Circle to star Go through 7/H, then 5/J
Square to triangle Go through C/2, then J/5
Square to star Go through C/2
Triangle to star Go through 5/J

Finally, every pair is connected!

This torus is created by ‘pasting’ the top (red) row to the bottom (yellow) row in the cloth, the pasting the left (blue) column to the right (green) column.

But what if we ‘pasted’ in the other order: blue to green, and then red to yellow? We’d also get a torus.

But the topology would be the same.  Just look at which letter end up matched with which numbers.

Problem VII: Imagine (and it takes some imagination!) bending the cloth so that:
  • Point A matches with point 4
  • Point B matches with point 3
  • Point C matches with point 2
  • Point D matches with point 1
  • Point E matches with point 5
  • Point F matches with point 6
  • Point G matches with point 7
  • Point H matches with point 8
  • Point I matches with point 9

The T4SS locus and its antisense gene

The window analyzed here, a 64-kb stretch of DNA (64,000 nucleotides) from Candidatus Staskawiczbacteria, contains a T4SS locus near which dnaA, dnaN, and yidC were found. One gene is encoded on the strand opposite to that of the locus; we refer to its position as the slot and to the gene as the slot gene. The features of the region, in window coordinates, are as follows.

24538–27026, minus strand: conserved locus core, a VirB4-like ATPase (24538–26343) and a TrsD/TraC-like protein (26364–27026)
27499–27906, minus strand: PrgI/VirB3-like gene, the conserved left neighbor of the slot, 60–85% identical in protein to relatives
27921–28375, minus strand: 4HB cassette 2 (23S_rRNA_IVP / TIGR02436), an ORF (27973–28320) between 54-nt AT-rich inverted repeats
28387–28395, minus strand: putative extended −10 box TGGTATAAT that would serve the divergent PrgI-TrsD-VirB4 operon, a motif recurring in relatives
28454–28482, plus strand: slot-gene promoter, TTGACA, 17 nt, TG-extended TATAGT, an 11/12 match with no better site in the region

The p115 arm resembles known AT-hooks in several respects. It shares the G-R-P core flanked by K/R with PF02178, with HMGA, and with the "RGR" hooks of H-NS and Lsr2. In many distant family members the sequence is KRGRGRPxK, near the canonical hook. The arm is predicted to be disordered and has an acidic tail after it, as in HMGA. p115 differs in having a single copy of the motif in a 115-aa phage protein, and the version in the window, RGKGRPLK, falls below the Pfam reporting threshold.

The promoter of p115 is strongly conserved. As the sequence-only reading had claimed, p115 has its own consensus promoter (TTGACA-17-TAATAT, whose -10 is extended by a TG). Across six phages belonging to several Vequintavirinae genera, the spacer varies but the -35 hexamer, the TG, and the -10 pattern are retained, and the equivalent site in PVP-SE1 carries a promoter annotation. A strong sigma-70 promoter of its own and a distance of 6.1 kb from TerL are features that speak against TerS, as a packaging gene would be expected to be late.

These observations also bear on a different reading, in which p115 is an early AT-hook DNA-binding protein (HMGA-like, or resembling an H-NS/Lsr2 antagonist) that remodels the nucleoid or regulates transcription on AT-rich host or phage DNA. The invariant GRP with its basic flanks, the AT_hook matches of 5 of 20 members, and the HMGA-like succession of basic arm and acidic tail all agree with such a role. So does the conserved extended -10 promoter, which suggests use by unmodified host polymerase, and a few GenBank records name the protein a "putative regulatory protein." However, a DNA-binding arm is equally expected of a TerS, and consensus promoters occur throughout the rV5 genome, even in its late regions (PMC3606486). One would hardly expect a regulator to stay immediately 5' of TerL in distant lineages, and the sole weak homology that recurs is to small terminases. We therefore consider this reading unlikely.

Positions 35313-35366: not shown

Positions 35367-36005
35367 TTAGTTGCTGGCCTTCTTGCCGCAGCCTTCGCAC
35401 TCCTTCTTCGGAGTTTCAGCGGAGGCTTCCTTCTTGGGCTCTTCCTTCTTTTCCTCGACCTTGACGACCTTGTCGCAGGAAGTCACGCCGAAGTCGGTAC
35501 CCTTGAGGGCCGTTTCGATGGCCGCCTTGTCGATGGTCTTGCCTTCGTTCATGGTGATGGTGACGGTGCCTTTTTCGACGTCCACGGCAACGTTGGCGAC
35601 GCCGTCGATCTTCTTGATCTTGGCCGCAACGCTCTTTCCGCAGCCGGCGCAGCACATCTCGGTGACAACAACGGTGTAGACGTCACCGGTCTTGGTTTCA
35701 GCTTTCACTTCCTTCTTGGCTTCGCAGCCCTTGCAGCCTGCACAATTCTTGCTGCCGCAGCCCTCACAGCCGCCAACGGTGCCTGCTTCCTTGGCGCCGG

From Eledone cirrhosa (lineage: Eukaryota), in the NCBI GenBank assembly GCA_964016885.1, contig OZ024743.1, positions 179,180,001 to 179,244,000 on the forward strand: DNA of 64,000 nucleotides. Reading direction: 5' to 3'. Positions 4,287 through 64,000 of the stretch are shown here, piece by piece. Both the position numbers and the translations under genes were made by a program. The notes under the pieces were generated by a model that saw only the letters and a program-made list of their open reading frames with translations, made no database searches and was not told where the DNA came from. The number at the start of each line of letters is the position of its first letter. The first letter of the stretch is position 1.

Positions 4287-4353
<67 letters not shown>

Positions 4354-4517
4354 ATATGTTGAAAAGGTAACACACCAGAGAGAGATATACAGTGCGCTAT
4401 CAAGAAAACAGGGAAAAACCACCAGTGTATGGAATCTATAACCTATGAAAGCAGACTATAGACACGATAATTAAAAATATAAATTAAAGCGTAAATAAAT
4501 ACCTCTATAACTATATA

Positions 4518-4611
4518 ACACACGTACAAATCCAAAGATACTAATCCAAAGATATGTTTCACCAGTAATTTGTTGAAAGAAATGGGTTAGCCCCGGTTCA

• Point J matches with point 10

This surface is called a Klein Bottle. It cannot exist in three dimensions(!). But we can imagine the connections. Try connecting shapes on this surface.

Solutions:
Circle to square Go through 10/J, then 2/C
Circle to triangle Go through B/3
Circle to star Go through 10/J
Square to triangle Go through C/2, then J/10, then 8/H
Square to star Go through C/2
Triangle to star Go through H/8 then 10/J

Note that any path that works for the cylinder in Problem II or the Möbius strip in problem IV also works here. Can you find other paths, not listed here, that also work?

Problem VIII: Now imagine that: